International tribunals provide a venue for adjudicating certain types of international disputes, facilitating the settlement of problems requiring specialized expertise, and resolving disputes pursuant to an international convention, such as the Law of the Sea Tribunal (see below).
"The Security Council may decide what measures not involving the use of armed force are to be employed to give effect to its decisions, and it may call upon the members of the United Nations to apply such measures. These may include complete or partial interruption of economic relations and of rail, sea, air, postal, telegraphic, radio, and other means of communication, and the severance of diplomatic relations.”
Article 41 of the UN Charter gives the Security Council authority to create tribunals to enforce its decisions.
Tribunals also can be created by multinational conventions, such as the Rome Treaty creating the International Criminal Court, or by regional bodies, such as the Court of Justice of the European Union, the African Court on Human and Peoples Rights of the AU, and the Inter-American Court of Human Rights of the OAS.
International Court of Justice (ICJ)
The ICJ was established in 1945 by the UN Charter and serves as the primary judicial organ of the UN. The ICJ settles disputes submitted by member states in accordance with international law (e.g., treaties, customary international law, and established principles of legal interpretation). The ICJ sits in a building known as the Peace Palace in The Hague, Netherlands. There are fifteen judges, serving nine-year terms, elected by the UN General Assembly and Security Council. The ICJ’s first case, brought in 1947, involved the right of innocent passage and state responsibility for damages caused at sea. Other significant ICJ decisions include the Nicaragua case on the right of self-defense, and the judgment concerning the Legality of the Use of Force (Serbia).
International Criminal Court
The ICC functions as both a court and an international organization governed by parties to its enabling statute, the Rome Treaty. The court began operations in July 2002 as the only permanent court established to hear criminal cases involving individuals. It is independent of the UN, though Article 16 of the Rome Treaty allows the UN Security Council to vote to request a delay of proceedings when deemed necessary to further an ongoing peace process. The court investigates and tries only the most serious international crimes: genocide, war crimes, crimes against humanity, and the crime of aggression.
Special and Hybrid Tribunals
The duty to prosecute serious crimes falls on all members of the UN; this responsibility is stated in multiple treaties and resolutions. The first special tribunals were created ad hoc to deal with genocide, war crimes and crimes against humanity in Rwanda (The International Criminal Tribunal for Rwanda, 1994) and in the Former Yugoslavia (The International Criminal Tribunal for the Former Yugoslavia, 1993). Though the ICC now plays an important role in addressing these crimes, there are cases when member states work with the UN to establish special tribunals in-country to address unique technical issues. These tribunals may include both national and international judges. Examples include the Special Tribunal for Lebanon and the Special Court for Sierra Leone.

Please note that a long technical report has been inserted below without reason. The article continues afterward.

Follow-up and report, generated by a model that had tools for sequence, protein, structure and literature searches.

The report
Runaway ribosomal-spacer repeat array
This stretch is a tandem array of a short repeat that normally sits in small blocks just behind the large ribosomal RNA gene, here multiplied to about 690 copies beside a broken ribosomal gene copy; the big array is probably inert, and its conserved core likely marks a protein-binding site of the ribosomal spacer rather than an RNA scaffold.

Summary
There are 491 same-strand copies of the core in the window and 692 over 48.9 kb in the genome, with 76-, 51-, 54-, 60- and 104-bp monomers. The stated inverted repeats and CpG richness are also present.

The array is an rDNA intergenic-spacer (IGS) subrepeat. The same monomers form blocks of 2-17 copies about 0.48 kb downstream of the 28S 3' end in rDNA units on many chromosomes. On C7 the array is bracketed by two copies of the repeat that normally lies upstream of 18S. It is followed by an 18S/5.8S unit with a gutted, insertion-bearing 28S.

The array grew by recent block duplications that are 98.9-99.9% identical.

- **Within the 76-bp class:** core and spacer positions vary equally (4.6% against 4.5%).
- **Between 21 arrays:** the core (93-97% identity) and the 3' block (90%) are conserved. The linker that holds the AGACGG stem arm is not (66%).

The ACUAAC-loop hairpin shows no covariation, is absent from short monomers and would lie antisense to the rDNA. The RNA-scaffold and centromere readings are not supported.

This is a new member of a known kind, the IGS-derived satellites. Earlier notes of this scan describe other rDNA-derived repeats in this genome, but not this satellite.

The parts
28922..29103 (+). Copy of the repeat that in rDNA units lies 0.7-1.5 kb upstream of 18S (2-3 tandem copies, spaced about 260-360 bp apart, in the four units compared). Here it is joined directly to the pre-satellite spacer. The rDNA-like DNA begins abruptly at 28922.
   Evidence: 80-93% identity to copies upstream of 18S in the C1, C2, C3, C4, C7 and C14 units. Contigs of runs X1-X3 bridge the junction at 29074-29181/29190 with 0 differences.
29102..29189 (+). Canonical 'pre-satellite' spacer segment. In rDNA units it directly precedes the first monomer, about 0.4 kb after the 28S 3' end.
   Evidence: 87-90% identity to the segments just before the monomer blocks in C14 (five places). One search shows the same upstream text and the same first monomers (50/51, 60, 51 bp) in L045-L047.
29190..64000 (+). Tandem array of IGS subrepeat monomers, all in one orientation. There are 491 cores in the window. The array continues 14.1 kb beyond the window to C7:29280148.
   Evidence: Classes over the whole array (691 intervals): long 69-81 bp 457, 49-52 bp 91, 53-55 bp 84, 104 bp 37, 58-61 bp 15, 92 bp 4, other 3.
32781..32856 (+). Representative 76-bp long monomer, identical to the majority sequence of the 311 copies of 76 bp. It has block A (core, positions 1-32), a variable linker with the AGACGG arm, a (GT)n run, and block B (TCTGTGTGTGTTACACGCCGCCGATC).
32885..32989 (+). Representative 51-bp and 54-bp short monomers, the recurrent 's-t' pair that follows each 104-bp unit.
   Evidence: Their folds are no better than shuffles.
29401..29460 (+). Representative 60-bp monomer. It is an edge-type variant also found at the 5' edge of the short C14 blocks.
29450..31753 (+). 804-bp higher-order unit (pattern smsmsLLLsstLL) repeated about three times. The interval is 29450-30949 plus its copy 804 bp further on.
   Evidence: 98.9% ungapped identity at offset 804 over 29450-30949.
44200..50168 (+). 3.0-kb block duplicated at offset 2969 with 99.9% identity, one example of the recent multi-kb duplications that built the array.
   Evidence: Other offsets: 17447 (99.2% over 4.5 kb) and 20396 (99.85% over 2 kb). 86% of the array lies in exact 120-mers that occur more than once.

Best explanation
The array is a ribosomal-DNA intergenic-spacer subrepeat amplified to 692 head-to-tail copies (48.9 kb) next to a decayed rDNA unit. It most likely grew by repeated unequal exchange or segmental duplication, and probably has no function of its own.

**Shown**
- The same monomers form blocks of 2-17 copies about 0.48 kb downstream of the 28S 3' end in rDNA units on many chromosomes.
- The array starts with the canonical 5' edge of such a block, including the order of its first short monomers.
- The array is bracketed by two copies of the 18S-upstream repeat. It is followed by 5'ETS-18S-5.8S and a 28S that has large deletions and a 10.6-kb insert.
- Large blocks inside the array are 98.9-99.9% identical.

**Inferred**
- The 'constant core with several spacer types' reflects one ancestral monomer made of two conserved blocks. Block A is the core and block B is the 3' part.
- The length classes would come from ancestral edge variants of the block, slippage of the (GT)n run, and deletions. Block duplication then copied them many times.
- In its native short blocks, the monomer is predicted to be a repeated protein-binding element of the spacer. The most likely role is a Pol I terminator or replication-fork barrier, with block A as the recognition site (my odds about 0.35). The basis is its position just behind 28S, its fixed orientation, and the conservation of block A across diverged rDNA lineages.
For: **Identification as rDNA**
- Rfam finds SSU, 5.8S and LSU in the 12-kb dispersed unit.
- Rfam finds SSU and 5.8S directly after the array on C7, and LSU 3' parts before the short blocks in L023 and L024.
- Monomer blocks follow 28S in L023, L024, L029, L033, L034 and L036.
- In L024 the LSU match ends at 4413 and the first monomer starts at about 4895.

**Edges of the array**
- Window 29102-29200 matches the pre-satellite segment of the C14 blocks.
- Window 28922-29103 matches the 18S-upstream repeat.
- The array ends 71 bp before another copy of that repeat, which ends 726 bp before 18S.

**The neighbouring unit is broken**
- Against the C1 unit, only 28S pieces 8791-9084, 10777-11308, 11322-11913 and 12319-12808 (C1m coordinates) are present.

The International Tribunal for the Law of the Sea (ITLOS)
Established by the UN Convention on the Law of the Sea (UNCLOS), the ITLOS came into force in 1994. There are 168 member states. The tribunal is independent of the UN and provides jurisdiction over any dispute, interpretation, or application of UNCLOS or any other international agreements related to the purposes of UNCLOS. The tribunal is based in Hamburg, Germany, and operates in English and French.
WTO Dispute Settlement Process
The WTO strongly favors negotiated ends to trade disputes, but it does provide a panel process that functions similarly to a tribunal when parties cannot agree over a violation of a trade agreement. Parties that cannot agree after a required consultation period can submit a dispute to the Dispute Settlement Body (DSB), which is essentially the General Council sitting in this capacity. A panel of experts is designated to consider the dispute; the DSB may accept or reject panel findings or the results of an appeal. If a member state does not comply with panel findings (usually to bring domestic law or policy into compliance), the DSB can authorize retaliatory measures by the state that suffered injury.
The Permanent Court of Arbitration (PCA)
The PCA was established by treaty in 1899, making it one of the oldest international dispute resolution bodies still operating. There are currently 122 state parties to the PCA, and each may appoint Members of the Court to serve six-year terms on a roster of potential arbitrators. The PCA shares the Peace Palace with the ICJ in the Hague, Netherlands.
The International Centre for Settlement of Disputes (ICSID)
The ICSID was established in 1966 under the World Bank by an international convention to settle investment disputes between states and investors by means of arbitration and conciliation. Member states may name up to four persons of any nationality to the panel of arbitrators and another four to the panel of conciliators. The ICSID settlement process has handled many significant investment cases.